The Arty Semite

Emerging Artist: Tanya Fredman's Talmudic Vision

By Rukhl Schaechter

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A version of this post appeared in Yiddish here.

Courtesy Tanya Fredman

Last month, New York’s central Jewish education agency changed its name, and is now celebrating its new identity with a fascinating exhibit of a fresh new Jewish artist and art educator.

The exhibit, hosted by the Jewish Education Project (formerly the Board of Jewish Education of New York) until May 23, is called “The Art of Seeing,” and features the work of Tanya Fredman, a 25-year-old native of St. Louis, Mo., whose oil paintings, portraits and collages depict an unusual blend of cross-cultural diversity and Talmudic study.

At the exhibit’s opening on December 9, Fredman explained that she gets deep satisfaction from directing community-wide art projects, using art as a form of expression and as a tool for uniting people of different cultures.

In 2008, Fredman’s interest in cross-cultural art education led her to Yemin Orde Youth Village in Israel, a onetime haven for orphans from the Holocaust that today houses adolescent survivors of trauma and displacement. There, Fredman managed to bring together 30 boys from Ethiopia, Ukraine, Sudan and China to create a colorful mural celebrating their diversity.

“The kids didn’t always get along,” she said, “but that made the project even more meaningful, because despite their disagreements, they were learning how to work together.”

Several months later Fredman moved on to the Agahozo-Shalom Youth Village in rural Rwanda, a residential community modeled after Yemin Orde. Agahozo-Shalom, a project of the American Jewish Joint Distribution Committee, cares for 125 teens, most of whom lost their parents in the country’s 1994 genocide. Fredman’s experience with the people of Rwanda forms the center of the present exhibit.

“I had a deep respect for the strength of these women who survived the Rwandan genocide in 1994,” Fredman said. “Similarly, they told me that they felt a kinship with me because of the Holocaust, even if I didn’t experience it myself.”

In an oil painting of one Rwandan mother and wife, titled “Mama Anny 2,” Fredman has several lines of the Hebrew hymn, “Eshet Chayil” (“A Woman of Valor”) written across her bonnet, juxtaposed with the words of the Rwandan national anthem.

Not all the paintings were related to her experience in Rwanda, however. Two intriguing self-portraits, called “Keva” and “Kavana” were created while Fredman was an art fellow last year at Drisha, a women’s learning institute in Manhattan. These two Hebrew terms are often used to describe the two main aspects of prayer: formal, fixed prayer (keva) and the more spontaneous kind that pours from the heart (kavana).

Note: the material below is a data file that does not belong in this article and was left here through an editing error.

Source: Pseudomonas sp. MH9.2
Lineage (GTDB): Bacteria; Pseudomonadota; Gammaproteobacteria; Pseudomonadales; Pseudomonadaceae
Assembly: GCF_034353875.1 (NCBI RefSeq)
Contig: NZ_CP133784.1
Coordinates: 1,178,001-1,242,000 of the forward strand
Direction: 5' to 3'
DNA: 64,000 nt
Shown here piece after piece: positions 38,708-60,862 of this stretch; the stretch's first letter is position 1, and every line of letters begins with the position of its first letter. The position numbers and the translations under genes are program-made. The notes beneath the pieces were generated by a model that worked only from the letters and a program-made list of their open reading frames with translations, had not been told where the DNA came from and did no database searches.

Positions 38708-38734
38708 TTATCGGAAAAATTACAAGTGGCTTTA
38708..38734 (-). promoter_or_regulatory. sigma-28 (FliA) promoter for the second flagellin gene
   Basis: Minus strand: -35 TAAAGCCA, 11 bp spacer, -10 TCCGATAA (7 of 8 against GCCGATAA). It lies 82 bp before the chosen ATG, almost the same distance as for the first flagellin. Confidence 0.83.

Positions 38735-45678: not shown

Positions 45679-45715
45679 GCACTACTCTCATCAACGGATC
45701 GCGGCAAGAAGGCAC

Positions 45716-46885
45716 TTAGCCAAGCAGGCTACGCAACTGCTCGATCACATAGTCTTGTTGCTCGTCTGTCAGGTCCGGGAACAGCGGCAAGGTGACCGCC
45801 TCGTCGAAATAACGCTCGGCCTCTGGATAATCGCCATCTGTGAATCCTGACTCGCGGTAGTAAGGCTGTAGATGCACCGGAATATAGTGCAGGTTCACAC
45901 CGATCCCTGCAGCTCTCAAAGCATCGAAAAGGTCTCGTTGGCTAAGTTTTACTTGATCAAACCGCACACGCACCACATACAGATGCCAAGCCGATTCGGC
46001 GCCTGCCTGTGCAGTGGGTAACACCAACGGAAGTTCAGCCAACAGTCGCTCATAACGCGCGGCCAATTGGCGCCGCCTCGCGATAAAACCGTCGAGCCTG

In both self-portraits, Fredman is covering her eyes, apparently reciting the Shema. While in “Kavana” she covers her eyes completely, representing true intention and devotion, in “Keva” one eye is playfully peeking out, revealing that she’s not fulfilling the commandment with the proper intention. The mosaic-like design in the center of the portrait is actually from the Talmudic text discussing this issue.

“By creating a grid, from right to left, and from top to bottom, I was conscious of the details, but not thinking of the painting as a whole,” Fredman explained. “That’s similar to the idea where you’re focused on fulfilling the details of the requirements but don’t really have an understanding of what you’re doing.”

Born in St. Louis in 1984, Fredman attended an Orthodox Jewish day school and high school. “I always loved to draw, but got more serious in high school, while taking an afterschool art class,” she said. She was also inspired by her grandmother, Ruth Fredman, who loved art and even owned an Israeli art gallery. Mrs. Fredman would go to Israel with her husband, meet artists, buy their work, and then bring it back to the U.S. Then she would travel around the country selling their works to others.

After graduating from high school in 2002, Tanya spent a year in Israel studying at Midreshet Harova, a Zionist women’s seminary, and then attended Brandeis University where she studied art, as well as Jewish studies, anthropology and global studies.

Last August, the Jewish Education Project approached Fredman about showcasing her work, and she agreed. In addition, Tanya plans to lead hands-on workshops with the staff, which they can use in their training sessions with teachers.

View a slideshow of Tanya Fredman’s paintings:


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